We were deeply saddened to learn yesterday of the death of music and cultural critic Greg Tate, author of Flyboy 2: The Greg Tate Reader (2016). He was 64.
After attending Howard University, Tate launched his career at the Village Voice in 1987 and went on to write for many publications, including Vibe, Spin, The Wire, ARTNews, and Downbeat. He is the author of Flyboy in the Buttermilk: Essays on Contemporary America and Midnight Lightning: Jimi Hendrix and the Black Experience and the editor of Everything but the Burden: What White People Are Taking from Black Culture. In 2016 we collected many of his writings in Flyboy 2, which features interviews, reviews, and art, book, and music criticism.
Tate was also a musician who led the conducted improvisation ensemble Burnt Sugar the Arkestra Chamber. He served as a visiting professor at Yale, Columbia, Brown and Williams. In 2020 he co-curated the exhibition Writing the Future: Basquiat and the Hip-Hop Generation at Boston’s Museum of Fine Arts.
His editor, Ken Wissoker, says, “Greg Tate’s Voice essays invented a whole new critical language — both a new form of critical writing and a theoretical approach. It would be hard to underestimate how much a whole generation learned from him. It was a privilege to know him and a dream and an honor to work with him on Flyboy 2. An incalculable loss, far too soon.”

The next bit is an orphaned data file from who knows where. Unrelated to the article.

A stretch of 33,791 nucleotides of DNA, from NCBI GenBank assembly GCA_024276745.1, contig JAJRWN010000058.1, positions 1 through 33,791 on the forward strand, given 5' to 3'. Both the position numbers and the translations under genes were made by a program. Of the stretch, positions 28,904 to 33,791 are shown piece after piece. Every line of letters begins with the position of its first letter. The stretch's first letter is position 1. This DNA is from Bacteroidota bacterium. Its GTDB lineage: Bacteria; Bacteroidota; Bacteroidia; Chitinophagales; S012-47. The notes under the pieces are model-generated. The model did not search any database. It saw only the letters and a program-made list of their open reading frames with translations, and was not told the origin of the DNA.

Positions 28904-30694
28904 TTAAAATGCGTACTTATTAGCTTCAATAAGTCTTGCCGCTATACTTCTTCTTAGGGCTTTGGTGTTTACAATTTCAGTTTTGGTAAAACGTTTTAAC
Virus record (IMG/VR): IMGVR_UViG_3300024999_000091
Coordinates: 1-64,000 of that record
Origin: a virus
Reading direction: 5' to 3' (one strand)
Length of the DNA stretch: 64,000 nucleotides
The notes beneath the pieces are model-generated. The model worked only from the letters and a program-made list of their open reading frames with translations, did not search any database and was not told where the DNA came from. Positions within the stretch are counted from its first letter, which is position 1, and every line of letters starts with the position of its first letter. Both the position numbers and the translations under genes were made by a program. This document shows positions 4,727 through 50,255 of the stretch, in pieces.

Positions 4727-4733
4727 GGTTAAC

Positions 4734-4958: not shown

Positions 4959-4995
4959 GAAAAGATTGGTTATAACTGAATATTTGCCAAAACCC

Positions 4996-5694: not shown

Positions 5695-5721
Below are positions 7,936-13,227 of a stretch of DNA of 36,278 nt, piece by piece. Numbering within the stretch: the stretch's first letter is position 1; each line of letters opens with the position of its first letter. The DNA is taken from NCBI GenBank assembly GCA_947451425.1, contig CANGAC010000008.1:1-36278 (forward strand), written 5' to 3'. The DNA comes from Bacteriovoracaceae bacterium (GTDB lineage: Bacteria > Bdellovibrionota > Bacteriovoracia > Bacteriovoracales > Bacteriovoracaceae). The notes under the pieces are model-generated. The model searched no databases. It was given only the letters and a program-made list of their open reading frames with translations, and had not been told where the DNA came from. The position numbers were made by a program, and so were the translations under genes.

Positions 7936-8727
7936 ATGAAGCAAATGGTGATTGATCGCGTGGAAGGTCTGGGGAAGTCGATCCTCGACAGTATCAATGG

Duke University Press has a final book with Greg Tate under contract, to be published sometime in the next few years. Titled White Cube Fever: Hella Conjure and Writing on the Black Arts, it is a collection of his writing on Black arts, including essays on Carrie Mae Weems, Basquiat, Arthur Jafa, Kerry James Marshall, Sanford Biggers, Lonnie Holley, Ellen Gallagher, and Theaster Gates. It will be a bittersweet pleasure for our staff to work on this posthumous project.
Our condolences go out to Tate’s family, friends, and legions of fans.